Hootie stood out as a blues/rock/pop fusion band in a sea of grunge when they came out. Their success was at the highest of highs and their lows, while really not that low, made them seem like they were a less successful band than they actually were. But the 14th best selling album of all-time, seven top 40 hits, two Grammys, and honestly Darius Rucker’s success as a country artist are all factors working in their favor. Ultimately, I don’t think Hootie will ever get in (although you have to wonder if they had a less ridiculous name if their career would be seen in a different light), but they reached heights that no other college band that started in a bathroom ever has. And Darius Rucker got to make a music video with his idol Dan Marino. So they’ve got that going for them.

  1. Rage Against the Machine
I first covered Rage Against the Machine last year as I had heard they were eligible, but didn’t believe they should have been since even though they were formed in 1991 they didn't release either their first single or first album until 1992. But they did create a 12 song demo tape in 1991, which is unusually long for a demo, and was the basis for them potentially being eligible last year. They are definitely eligible now, so here they are again.

The band itself was founded when guitarist Tom Morello was getting disillusioned with his original group Lock Up. The drummer of Lock Up, Jon Knox, realized Morello wanted to leave and encouraged two of his friends, bass player Tom Commerford and singer/rapper Zach de la Rocha, to jam with Morello. They picked up drummer Brad Wilk, who had previously unsuccessfully auditioned for Lock Up and named themselves after a song that La Rocha had written for his previous group Inside Out.

They were pretty much instantly successful as a group. They released only four albums as a unit, but each has gone at least platinum. Their debut album was the self-titled "Rage Against the Machine" and had the same name and continued many of the same songs as their 12 song demo tape. It went triple platinum on the strength of "Killing in the Name" which went platinum in its own right as a single.

This album and the combination of hard rock and rap that it put out there, launched RATM to being Hard Rock Gods. "Rage Against the Machine" is also #368 on Rolling Stones' top 500 albums of all time. They followed it up with 1996's "Evil Empire" featuring "Bulls on Parade" and the Grammy Award winning "Tire Me". They won a second Grammy for "Guerilla Radio" off of 1999's "The Battle of Los Angeles" and then had a series of strange events that led to the break up of the band. These included storming the New York Stock Exchange during a music video shoot causing the riot doors to close, Commeford's spending the night in jail after scaling the scaffolding over the stage at the 2000 Grammy Awards when Limp Bizkit won best Hard Rock Band, and (although this is more a badge of honor than anything), having ALL of their songs deemed "Lyrically Questionable" by the 2001 Clear Channel Memorandum after 9/11.

While La Rocha went off to a solo career and some collaborations with Nine Inch Nails' Trent Reznor, Morello, Wilk, and Commerford picked up Soundgarden's Chris Cornell and went on to commercial success as Audioslave, And while they have reunited many times over the years, as a overtly left-leaning band this has happened particularly for Liberal causes and events, they haven't put out any new music since 2001. Although they claim they have never truly broken up. Even as Morello, Wilk, and Commerford have picked up Chuck D of Public Enemy and B-Real of Cypress Hill to create a new super group called Prophets of Rage.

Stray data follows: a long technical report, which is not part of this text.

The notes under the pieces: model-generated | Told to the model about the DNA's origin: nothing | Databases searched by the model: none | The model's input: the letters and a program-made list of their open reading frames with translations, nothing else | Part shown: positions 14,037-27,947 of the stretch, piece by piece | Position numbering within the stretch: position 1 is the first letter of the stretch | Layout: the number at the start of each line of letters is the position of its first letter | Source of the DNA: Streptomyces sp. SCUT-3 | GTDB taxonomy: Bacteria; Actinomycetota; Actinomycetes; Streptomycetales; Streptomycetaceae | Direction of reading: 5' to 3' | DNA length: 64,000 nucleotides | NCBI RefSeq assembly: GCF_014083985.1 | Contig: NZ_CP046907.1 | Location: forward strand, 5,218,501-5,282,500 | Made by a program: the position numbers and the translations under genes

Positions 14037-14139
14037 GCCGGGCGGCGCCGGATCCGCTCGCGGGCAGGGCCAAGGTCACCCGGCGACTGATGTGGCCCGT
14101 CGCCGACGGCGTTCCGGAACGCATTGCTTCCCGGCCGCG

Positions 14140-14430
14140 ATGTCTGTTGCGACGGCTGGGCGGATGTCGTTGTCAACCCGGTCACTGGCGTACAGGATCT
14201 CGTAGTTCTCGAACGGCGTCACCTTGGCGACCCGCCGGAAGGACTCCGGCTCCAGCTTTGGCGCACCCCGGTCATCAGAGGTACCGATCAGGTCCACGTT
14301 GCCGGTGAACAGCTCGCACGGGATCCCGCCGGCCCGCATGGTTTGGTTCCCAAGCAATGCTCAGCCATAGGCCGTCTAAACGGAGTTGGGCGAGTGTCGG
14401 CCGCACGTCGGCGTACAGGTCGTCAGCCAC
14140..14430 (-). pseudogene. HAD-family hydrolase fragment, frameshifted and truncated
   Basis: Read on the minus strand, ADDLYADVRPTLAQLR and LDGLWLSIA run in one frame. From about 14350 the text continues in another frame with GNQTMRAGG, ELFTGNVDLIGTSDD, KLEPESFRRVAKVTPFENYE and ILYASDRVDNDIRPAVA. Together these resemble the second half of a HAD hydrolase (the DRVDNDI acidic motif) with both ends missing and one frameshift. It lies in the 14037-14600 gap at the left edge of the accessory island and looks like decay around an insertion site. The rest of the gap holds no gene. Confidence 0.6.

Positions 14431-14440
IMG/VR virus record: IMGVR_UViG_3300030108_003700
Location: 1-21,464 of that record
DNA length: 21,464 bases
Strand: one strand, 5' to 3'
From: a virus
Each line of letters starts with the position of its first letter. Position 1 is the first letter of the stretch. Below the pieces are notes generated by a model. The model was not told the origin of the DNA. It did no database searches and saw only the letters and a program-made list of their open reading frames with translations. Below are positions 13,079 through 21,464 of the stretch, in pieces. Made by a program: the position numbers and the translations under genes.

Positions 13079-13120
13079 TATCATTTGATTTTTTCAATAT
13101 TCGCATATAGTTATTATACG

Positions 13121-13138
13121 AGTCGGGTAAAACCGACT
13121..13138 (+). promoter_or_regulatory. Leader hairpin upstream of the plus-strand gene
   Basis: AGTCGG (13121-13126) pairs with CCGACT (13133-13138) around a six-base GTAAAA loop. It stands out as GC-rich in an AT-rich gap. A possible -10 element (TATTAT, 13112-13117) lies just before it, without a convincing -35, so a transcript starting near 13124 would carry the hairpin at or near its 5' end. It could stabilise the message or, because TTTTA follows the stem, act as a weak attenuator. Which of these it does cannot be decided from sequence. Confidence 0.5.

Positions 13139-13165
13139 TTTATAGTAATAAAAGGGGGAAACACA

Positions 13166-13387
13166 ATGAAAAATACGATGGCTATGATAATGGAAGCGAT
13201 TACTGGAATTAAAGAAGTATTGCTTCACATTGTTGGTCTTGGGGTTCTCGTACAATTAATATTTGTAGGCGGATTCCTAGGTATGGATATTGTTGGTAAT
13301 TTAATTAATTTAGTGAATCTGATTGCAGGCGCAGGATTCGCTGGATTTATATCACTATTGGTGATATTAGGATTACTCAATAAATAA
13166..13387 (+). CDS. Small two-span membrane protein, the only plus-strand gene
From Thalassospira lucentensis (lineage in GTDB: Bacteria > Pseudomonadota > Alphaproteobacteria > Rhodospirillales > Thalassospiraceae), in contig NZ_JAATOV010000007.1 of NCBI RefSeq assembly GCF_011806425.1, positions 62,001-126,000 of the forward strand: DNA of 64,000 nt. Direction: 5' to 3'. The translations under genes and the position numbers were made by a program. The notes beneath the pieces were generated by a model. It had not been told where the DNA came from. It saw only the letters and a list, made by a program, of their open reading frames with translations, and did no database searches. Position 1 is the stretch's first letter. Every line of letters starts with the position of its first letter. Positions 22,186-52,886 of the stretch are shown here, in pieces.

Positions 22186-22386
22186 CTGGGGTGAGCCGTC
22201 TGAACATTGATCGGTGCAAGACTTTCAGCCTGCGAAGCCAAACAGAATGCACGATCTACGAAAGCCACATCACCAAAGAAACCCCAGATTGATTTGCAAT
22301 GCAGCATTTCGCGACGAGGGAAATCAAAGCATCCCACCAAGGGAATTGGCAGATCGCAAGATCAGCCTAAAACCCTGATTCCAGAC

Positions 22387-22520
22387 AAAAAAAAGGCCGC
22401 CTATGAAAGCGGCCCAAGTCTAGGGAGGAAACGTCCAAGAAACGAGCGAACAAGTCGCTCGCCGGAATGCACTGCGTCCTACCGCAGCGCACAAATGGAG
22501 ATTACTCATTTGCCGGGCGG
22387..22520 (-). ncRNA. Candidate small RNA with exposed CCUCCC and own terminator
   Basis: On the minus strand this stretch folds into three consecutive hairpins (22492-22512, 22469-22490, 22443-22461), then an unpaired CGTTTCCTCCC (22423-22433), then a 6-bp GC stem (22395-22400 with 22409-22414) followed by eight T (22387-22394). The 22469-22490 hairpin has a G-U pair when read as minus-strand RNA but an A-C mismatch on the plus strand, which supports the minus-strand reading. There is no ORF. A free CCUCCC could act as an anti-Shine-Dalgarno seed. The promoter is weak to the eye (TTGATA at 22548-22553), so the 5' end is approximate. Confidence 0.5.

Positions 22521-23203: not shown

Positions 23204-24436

Regardless, their odds of being nominated are rather high, but you’ll notice not as high as last year when I had them at #3. Why? Because honestly, I covered them last year and there are 11 new acts I see as having a legitimate shot at getting in the Hall someday. Tom Morello is one of the 24-28 members (depending on who you believe) of the Rock Hall's Nominating Committee. And while the only thing better than knowing someone on the Committee is being on the Committee yourself. And while this year’s crop is much stronger than last year, they still probably have the fourth or fifth best chance, which is where they should be on the list.

So I expect Rage to be nominated at some point soon, but again I want to focus on the bands definitely eligible for the first time this year. So while you are pondering my inconsistencies on the list, please enjoy the video that I think best describes the band's political theory 2000's "Testify" directed by Michael Moore. This is the video they were recording when they stormed the NYSE and the comment at the end seems appropriate for the political climate this year as well.

  1. Common
And the first of those with a legitimate shot of making the Hall, which I am defining as having more than 10% of making it at some point, is Common. Born Lonnie Lynn Rashid in Chicago, Illinois in March 1972, to a professional basketball playing father and a doctor of education mother, Common (formerly known as Common Sense) to has become kind of the dean of the University of Hip Hop (if you could imagine such a thing). He is certainly the most decorated hip hop artist ever. He is 3/4s of the way to an EGOT, something only 12 people in history have done, as he has won an Oscar, a Primetime Emmy, and three Grammys. He also has won a Golden Globe, a Critic’s Choice Award, two NAACP Image Awards, two BET Awards, and four BET Hip Hop Awards among many others. And he is only 45.